Cockatiel Losing Balance

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Basic Symptoms:

If your cockatiel is showing signs of falling, not being able to perch, or overall weakness, you should seek avian veterinarian attention as soon as possible. A cockatiel that does not perch or loses its balance is a sign of a sick bird.

Infections, undesirable high toxic levels in your cockatiels body like lead, tumors, and lack of certain vitamins can make your bird lose its balance.

If your cockatiel has recently injured herself by crashing against a mirror or a window, it might be suffering from head trauma, vet attention is required.

Kitchen fumes can also make your cockatiel sick, and lose its balance, it takes very little for a cockatiel to die from kitchen fumes, specially if your cookware is made with teflon.

If your cockatiel is taking prescribed medication from your vet and started to lose its balance after the medication was prescribed, stop the medication and call your vet, it might be and undesired side effect.

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Cockatiel and Fumes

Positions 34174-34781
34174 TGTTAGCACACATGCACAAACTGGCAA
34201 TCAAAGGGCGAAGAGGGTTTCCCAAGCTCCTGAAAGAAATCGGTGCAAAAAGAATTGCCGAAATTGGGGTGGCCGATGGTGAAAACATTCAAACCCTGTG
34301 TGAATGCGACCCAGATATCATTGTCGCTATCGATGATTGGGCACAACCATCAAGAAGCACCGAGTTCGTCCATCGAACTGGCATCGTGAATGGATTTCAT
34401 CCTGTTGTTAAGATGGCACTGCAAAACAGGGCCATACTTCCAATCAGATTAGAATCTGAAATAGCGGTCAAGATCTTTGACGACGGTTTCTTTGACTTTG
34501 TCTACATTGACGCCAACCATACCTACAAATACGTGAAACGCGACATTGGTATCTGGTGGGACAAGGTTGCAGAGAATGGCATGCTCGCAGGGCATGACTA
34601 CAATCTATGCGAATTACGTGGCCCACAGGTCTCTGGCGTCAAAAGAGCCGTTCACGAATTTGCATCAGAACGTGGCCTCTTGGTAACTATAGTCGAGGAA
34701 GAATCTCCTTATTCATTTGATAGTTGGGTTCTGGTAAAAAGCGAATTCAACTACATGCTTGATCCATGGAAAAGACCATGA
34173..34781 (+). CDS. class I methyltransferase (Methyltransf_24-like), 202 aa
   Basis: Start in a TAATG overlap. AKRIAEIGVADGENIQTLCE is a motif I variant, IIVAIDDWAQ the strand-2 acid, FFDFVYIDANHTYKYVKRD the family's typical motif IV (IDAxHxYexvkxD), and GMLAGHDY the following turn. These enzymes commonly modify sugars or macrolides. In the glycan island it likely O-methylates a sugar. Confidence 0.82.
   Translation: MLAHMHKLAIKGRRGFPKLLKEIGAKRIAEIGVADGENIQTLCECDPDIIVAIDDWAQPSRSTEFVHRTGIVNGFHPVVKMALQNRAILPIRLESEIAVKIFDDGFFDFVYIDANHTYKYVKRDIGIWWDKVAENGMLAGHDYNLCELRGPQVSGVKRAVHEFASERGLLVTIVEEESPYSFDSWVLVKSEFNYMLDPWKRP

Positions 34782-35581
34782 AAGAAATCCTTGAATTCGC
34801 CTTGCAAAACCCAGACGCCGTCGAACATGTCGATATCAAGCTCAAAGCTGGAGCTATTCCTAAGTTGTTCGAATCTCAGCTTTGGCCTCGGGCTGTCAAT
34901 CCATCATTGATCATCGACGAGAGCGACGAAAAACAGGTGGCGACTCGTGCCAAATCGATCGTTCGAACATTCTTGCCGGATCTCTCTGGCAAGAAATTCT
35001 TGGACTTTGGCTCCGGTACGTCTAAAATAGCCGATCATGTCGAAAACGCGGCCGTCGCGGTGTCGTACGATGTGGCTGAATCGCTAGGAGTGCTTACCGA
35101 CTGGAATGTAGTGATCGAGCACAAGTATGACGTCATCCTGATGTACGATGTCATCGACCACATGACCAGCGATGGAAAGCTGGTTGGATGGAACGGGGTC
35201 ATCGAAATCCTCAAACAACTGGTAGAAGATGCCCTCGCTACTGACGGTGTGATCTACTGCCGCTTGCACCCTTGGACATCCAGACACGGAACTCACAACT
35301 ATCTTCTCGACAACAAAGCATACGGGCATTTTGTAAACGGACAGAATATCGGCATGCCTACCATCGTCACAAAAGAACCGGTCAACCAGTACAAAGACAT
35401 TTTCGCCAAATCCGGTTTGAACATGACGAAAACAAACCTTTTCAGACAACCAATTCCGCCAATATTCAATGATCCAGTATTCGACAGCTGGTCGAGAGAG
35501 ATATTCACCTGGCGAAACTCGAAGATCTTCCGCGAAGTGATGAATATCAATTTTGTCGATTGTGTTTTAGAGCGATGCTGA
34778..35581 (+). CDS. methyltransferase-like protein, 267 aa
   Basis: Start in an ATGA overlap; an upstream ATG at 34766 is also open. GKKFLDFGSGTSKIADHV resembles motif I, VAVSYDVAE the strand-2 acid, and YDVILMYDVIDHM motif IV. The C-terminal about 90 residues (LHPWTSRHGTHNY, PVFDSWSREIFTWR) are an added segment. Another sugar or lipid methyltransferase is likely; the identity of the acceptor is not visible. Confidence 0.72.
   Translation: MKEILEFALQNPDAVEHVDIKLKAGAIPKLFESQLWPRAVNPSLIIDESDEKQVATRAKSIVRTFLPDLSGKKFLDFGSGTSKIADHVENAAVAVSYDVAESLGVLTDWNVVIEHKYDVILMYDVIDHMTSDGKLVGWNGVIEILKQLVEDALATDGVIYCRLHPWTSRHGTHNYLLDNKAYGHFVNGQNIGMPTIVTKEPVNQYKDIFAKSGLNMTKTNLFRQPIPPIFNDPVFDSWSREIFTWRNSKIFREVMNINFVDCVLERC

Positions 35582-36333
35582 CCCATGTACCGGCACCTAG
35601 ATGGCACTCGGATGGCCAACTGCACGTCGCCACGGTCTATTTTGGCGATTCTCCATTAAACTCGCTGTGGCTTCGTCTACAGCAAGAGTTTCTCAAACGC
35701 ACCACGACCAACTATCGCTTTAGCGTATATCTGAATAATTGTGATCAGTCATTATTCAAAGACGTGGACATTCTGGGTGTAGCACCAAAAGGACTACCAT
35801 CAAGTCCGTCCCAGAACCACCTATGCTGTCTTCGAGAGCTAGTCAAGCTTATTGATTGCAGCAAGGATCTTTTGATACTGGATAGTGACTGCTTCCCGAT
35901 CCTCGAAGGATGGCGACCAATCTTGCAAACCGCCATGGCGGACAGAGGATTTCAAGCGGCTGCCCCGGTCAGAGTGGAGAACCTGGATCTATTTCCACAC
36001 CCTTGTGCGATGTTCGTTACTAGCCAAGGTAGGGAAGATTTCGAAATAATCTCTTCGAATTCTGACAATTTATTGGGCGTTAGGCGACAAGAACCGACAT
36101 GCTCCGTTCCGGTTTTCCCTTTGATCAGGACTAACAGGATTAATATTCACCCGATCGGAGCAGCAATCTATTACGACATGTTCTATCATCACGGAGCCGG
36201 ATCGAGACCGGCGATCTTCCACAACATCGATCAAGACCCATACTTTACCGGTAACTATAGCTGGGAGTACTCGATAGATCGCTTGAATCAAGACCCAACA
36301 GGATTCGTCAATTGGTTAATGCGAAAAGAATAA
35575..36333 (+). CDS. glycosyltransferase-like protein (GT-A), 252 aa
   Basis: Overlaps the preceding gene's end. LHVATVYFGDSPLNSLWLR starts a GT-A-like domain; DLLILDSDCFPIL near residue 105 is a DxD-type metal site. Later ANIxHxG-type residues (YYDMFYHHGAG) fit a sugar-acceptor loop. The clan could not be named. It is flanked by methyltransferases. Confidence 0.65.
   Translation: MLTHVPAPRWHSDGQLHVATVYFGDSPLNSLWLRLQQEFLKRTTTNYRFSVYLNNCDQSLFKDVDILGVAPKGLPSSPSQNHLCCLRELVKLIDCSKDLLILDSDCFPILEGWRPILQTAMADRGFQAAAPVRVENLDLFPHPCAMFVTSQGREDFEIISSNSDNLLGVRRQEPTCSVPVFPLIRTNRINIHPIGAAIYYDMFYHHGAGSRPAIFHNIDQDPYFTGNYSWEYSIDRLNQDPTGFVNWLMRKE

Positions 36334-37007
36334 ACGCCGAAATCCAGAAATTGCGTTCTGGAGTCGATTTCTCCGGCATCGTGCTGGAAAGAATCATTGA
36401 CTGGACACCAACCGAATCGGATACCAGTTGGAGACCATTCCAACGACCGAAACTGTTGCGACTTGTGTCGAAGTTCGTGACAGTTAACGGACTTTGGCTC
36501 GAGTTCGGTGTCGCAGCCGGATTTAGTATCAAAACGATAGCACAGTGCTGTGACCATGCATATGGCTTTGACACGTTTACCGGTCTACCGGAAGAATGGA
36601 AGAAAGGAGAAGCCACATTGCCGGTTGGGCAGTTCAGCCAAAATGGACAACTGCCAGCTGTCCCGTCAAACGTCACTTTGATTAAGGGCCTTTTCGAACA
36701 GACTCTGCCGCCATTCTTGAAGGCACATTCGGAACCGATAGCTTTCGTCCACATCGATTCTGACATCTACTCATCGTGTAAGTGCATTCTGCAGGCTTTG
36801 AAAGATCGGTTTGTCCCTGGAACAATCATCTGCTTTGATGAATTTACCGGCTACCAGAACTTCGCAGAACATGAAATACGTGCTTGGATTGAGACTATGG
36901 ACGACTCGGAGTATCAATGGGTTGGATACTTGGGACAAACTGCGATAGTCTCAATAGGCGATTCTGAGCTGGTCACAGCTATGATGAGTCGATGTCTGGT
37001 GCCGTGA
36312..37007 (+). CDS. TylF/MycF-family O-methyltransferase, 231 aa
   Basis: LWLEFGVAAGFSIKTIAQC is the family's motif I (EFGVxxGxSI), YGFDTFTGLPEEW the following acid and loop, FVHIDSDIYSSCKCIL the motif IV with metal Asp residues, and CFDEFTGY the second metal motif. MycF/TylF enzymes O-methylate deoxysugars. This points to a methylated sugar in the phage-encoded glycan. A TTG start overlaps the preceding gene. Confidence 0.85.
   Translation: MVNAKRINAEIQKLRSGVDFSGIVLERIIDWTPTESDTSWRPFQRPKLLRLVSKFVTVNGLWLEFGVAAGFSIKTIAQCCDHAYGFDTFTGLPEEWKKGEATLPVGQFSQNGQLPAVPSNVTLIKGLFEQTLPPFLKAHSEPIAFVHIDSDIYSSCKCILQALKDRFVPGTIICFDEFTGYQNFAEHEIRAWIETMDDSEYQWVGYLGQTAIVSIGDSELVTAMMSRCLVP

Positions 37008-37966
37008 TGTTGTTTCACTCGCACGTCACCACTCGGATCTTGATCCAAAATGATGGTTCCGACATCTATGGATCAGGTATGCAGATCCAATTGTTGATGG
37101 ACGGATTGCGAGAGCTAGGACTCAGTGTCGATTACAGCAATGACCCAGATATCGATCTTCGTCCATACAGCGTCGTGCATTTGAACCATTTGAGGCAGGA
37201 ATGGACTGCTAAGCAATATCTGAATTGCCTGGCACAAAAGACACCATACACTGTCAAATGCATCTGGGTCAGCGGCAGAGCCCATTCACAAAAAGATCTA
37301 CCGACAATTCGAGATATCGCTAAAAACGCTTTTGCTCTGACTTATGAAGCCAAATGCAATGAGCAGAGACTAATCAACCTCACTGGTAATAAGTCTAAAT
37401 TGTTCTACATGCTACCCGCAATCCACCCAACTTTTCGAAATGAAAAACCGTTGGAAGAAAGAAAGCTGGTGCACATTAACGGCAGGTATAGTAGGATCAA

You know that old saying like a "canary in a coal mine", well there is so much truth in that when it comes to birds.

Canaries were once regularly used in coal mining as an early warning system. Toxic gases such as carbon monoxide or asphyxiant gases such as methane in the mine would kill the bird before affecting the miners.

Just like canaries, cockatiels have a very proficient and delicate respiratory system and fumes that you can't smell or see can be deadly for a cockatiel.

A cockatiel losing its balance is one of the first signs that dangerous fumes might be present in the house. If for example you are planning to clean your house it would be best to move your cockatiel to a well ventilated room where it is as far away as possible from cleaning fumes.

Other fumes that can hurt your bird are in the likes of aerosol sprays, toxic fumes from nonstick cookware, new carpet smell, fresh paint, room fresheners, scented candles, hair spray, perfumes, smoke, carpet cleaners, nail polish and many more.

As always the information offered here is to provide guidance and is not intended to be a substitute for the good advice provided by your own avian vet. When in doubt always consult your own veterinarian.